FIG. 6 is a schematic side view of a test probe tip 402 in a straightened position according to an embodiment of the present invention. To place probe tip 402 in the generally straightened position, the probe tip 402 must be heated to an elevated temperature. In the embodiment shown in FIG. 6, electrical power is supplied by closing switch 414. The temperature required to straighten the tip is dependent on the shape memory alloy composition (discussed in detail below), but is preferably greater than about 45° C. As previously mentioned, alternative methods of heating probe tip 402 are also possible. The probe tip 402 is heated prior to contacting a circuit pin 100 for measurement, and then subsequent to making the measurement to release the grip on the circuit pin. Heating the probe tip 402 to place the tip in the straightened position may also be used to make measurements of circuit board traces as is shown in FIG. 8 below.

FIG. 7 is an expanded side view of probe tip 402 in FIG. 6 according to an embodiment of the present invention. Probe tip 402 is shown in the generally straightened position. Wrapping angle 702, is measured from the same reference points as angle 502. Angle 702 is between about 90 degrees and zero degrees, preferably between about 45 degrees and zero degrees.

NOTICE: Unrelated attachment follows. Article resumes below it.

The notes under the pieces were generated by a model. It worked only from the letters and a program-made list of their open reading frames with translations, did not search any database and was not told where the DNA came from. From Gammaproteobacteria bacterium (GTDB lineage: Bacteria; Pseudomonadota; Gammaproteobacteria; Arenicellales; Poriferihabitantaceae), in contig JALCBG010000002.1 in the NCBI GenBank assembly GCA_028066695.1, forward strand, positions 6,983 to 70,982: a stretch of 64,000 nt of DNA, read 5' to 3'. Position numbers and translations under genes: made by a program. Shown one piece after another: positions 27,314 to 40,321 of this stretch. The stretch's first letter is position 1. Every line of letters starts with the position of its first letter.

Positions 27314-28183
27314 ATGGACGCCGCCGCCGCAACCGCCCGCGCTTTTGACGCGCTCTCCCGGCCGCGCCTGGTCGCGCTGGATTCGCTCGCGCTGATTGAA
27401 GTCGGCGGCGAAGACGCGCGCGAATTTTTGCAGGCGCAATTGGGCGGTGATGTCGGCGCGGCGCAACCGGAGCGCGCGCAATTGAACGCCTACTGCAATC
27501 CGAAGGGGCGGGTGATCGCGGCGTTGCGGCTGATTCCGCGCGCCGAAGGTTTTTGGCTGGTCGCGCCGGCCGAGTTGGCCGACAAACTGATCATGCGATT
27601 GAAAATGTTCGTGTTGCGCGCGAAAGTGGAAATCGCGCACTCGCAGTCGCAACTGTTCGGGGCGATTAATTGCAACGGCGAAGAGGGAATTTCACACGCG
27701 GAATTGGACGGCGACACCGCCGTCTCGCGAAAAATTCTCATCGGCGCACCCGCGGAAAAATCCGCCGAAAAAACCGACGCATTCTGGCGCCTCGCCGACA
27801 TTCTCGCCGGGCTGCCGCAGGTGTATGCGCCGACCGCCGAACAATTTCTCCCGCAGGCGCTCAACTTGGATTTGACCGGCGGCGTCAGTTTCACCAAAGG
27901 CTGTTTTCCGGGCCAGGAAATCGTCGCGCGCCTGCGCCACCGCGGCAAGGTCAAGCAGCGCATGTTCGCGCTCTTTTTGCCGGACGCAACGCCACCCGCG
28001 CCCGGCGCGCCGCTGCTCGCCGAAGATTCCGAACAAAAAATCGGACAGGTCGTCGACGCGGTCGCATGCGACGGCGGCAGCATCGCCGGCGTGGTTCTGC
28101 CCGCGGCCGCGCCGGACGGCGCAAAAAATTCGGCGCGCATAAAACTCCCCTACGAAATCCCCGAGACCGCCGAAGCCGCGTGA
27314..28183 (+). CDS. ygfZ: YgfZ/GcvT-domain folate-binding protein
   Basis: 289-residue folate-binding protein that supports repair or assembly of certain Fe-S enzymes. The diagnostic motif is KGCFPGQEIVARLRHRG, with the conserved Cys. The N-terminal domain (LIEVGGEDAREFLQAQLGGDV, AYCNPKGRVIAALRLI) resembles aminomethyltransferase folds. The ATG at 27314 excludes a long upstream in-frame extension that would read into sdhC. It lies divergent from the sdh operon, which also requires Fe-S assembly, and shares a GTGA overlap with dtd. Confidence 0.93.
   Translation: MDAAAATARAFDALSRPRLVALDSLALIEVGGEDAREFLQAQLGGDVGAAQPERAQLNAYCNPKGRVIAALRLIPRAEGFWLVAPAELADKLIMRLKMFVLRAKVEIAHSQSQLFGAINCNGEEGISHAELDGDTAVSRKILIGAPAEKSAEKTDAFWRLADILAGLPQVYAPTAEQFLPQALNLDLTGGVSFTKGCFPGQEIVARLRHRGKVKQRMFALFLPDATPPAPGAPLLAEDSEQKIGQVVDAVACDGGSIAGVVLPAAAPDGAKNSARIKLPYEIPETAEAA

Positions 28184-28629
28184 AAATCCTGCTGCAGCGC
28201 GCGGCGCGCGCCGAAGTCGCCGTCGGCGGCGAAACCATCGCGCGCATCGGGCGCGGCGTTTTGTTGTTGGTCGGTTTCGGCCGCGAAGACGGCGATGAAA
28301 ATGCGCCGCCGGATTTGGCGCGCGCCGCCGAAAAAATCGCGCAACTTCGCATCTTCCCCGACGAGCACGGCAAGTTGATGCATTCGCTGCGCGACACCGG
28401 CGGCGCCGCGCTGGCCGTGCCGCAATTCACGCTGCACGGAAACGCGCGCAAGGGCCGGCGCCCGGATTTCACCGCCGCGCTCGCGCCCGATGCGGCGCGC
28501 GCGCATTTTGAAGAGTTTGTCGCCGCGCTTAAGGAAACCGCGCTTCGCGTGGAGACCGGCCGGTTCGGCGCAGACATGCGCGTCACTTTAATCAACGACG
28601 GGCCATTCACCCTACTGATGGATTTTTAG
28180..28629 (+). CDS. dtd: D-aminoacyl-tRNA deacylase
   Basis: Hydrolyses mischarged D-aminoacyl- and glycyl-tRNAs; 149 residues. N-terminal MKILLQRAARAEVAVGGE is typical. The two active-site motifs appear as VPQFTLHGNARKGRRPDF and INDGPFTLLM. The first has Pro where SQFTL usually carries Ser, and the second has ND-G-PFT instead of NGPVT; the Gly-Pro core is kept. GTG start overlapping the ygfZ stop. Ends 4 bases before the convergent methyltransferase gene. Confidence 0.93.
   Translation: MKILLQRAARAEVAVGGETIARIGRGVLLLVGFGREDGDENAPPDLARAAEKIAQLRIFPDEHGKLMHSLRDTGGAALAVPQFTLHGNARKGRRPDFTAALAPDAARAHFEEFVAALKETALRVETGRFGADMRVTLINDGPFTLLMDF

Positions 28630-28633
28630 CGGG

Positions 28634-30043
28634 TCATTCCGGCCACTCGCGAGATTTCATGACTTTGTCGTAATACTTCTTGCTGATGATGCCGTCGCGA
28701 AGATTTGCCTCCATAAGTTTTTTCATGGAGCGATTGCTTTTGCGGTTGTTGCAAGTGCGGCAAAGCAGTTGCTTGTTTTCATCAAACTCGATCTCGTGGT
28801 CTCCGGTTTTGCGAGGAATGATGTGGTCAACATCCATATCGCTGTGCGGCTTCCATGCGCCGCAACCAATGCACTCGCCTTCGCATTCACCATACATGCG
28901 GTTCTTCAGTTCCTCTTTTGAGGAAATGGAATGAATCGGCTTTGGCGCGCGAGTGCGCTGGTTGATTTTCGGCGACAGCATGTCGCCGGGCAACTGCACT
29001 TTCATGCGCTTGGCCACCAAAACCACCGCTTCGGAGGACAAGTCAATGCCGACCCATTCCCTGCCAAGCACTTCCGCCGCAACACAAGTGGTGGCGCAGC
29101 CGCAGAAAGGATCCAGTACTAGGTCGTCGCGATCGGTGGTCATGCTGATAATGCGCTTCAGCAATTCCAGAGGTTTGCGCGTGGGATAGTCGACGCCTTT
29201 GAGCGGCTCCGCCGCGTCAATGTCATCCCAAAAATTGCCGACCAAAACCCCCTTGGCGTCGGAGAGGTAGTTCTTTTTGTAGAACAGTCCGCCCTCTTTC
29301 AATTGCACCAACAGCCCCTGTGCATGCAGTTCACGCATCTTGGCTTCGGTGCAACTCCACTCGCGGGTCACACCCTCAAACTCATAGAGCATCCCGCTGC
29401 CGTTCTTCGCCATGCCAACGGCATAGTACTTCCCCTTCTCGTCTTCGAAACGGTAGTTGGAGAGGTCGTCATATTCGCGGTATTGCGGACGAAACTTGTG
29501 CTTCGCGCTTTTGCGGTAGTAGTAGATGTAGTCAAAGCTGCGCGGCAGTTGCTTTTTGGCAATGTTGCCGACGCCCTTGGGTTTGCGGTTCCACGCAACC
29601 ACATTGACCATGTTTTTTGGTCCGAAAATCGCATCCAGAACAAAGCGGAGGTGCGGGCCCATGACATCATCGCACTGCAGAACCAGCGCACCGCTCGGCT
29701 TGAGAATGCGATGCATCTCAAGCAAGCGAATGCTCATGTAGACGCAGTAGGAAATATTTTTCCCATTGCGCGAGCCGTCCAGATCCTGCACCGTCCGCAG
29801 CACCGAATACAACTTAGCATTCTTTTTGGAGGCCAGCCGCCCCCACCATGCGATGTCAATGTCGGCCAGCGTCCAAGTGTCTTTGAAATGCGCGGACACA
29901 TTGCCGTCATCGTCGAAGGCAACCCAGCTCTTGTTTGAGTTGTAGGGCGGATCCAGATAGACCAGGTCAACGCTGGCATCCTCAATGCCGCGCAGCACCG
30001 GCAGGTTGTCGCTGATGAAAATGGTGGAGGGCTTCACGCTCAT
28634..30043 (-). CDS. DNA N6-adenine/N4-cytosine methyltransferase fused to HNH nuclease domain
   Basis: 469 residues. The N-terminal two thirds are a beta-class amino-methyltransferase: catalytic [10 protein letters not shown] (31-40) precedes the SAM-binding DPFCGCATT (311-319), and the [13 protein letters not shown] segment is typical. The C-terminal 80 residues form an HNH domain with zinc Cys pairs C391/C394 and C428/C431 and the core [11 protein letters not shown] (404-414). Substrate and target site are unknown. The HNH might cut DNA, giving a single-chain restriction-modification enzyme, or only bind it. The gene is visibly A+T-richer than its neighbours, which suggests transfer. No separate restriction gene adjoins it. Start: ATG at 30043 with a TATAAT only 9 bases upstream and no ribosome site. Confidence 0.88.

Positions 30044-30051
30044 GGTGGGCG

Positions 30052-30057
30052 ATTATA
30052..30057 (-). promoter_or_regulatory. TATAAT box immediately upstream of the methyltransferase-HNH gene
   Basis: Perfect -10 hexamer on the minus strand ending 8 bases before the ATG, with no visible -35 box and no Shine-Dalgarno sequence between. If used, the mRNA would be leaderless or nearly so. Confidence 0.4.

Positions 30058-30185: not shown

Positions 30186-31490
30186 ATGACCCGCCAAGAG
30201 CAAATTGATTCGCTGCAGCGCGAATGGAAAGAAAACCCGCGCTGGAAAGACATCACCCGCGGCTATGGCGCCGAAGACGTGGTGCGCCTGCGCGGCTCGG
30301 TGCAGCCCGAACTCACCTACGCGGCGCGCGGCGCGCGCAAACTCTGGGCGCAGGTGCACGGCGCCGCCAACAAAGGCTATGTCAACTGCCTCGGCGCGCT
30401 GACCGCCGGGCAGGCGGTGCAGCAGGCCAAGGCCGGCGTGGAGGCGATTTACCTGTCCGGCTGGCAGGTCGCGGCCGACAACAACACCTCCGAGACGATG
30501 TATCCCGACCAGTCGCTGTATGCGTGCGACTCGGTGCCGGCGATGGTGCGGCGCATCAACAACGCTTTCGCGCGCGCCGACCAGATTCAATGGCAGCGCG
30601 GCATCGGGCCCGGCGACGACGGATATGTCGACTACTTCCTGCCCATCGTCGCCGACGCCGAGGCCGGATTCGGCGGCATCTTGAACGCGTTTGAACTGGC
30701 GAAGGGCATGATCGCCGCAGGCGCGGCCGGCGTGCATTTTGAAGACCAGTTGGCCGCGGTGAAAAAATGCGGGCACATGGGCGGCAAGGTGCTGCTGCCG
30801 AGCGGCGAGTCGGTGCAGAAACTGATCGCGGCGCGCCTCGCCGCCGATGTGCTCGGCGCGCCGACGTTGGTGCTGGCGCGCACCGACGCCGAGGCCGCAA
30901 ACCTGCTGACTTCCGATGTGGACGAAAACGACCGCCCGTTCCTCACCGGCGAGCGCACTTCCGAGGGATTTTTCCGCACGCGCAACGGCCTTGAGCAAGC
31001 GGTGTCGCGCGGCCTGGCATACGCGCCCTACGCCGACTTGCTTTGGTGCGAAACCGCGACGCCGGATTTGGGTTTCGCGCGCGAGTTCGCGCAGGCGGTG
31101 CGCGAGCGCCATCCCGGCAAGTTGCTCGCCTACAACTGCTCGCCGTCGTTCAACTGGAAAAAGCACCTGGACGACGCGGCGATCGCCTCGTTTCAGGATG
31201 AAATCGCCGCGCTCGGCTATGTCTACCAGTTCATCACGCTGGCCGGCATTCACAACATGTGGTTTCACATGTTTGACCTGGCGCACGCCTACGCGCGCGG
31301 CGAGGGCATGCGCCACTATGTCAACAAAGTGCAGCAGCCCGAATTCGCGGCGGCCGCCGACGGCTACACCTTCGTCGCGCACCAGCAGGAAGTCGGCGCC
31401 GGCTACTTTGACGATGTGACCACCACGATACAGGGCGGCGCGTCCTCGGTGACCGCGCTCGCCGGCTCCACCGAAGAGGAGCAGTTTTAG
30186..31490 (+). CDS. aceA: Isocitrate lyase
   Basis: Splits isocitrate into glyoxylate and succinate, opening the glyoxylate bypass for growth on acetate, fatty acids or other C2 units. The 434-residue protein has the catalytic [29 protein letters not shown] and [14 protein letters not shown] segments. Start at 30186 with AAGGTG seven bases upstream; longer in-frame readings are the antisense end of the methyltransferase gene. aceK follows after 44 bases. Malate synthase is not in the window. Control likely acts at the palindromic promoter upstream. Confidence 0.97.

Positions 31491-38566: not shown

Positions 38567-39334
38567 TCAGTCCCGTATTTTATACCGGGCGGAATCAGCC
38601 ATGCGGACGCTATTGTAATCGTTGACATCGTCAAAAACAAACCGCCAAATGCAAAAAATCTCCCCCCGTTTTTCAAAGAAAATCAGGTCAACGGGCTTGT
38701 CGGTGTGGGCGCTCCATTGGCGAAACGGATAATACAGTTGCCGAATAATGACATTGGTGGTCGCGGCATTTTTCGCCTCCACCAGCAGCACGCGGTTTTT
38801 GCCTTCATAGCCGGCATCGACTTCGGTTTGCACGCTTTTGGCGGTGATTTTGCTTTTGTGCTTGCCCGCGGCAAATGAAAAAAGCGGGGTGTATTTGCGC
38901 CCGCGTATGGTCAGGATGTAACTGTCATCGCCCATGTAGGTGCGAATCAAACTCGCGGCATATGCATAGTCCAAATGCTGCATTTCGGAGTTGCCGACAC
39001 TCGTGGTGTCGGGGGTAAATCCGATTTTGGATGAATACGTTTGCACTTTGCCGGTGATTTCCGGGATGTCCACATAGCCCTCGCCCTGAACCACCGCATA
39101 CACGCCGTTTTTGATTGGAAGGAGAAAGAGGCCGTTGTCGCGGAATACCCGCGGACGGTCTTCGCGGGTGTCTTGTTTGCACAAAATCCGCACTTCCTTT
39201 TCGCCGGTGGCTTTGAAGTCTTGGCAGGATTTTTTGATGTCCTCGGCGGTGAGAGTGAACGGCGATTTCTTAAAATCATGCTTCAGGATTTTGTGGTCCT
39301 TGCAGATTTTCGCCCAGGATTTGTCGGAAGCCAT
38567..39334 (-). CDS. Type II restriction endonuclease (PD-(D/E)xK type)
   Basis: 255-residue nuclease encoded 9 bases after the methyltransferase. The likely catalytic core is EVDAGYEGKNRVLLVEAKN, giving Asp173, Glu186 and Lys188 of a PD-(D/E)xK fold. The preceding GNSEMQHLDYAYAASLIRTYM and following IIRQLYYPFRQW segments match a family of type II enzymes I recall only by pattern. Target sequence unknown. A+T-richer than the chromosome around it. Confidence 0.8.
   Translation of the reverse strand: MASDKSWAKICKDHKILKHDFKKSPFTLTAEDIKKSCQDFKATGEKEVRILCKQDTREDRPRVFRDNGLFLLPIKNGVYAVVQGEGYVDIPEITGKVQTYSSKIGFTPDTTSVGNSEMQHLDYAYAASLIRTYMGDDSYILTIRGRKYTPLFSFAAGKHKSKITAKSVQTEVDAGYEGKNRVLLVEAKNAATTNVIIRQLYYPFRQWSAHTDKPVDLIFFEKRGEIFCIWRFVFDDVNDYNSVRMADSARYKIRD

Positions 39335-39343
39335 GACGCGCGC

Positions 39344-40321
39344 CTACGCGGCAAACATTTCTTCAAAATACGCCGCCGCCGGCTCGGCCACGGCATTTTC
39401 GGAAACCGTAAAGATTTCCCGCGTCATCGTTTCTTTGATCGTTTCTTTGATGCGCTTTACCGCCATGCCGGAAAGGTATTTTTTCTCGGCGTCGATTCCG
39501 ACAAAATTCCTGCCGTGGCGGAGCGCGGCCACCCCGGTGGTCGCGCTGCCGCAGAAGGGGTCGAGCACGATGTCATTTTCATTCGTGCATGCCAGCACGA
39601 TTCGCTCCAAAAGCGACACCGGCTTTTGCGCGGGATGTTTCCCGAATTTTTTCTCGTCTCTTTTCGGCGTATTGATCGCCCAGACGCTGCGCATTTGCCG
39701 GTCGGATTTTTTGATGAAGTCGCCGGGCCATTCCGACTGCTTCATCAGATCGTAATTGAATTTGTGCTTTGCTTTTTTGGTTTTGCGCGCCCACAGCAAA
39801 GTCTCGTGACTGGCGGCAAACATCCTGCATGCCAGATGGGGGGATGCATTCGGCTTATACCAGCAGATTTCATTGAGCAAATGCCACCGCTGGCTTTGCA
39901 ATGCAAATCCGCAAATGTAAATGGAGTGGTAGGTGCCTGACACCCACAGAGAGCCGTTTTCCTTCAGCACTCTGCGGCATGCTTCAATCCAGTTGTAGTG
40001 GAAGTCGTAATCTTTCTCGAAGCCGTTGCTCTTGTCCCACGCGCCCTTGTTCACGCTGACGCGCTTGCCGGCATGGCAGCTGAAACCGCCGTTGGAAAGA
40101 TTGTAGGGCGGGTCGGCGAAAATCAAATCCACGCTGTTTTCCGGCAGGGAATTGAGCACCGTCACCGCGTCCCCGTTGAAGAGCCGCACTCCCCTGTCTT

FIG. 8 is a schematic side view of a test probe 400 measuring circuit board traces 802 according to an embodiment of the present invention. Probe tip 402 is heated to place the probe tip in the straightened position. Measurement is made by contacting probe tip end 506 with, for example, circuit trace 802. For this application, the temperature of the probe tip is less than about 100° C., and preferably less than about 70° C., to avoid any thermal damage to devices being measured.

FIG. 9 is a partial side view of probe tip 402 in a hooked position according to an embodiment of the present invention. Probe tip 402 is composed of two types of materials bonded together. An inner component 904 is comprised of a conventional metal spring, fashioned such that its “unsprung” position is that of the hooked position. The outer component 902 is composed of a shape memory alloy. At low temperatures, the shape memory alloy is in the Martensite phase, which is relatively soft and easily deformed by spring 904. Spring 904, which is on the inner diameter of the probe tip 402, stretches and deforms the outer layer 902 in the direction of arrow 908 as tip 506 moves in direction 906. Shape memory alloys composed of Ni and Ti (nitinol); or Cu, Zn, Ni and Al can be used.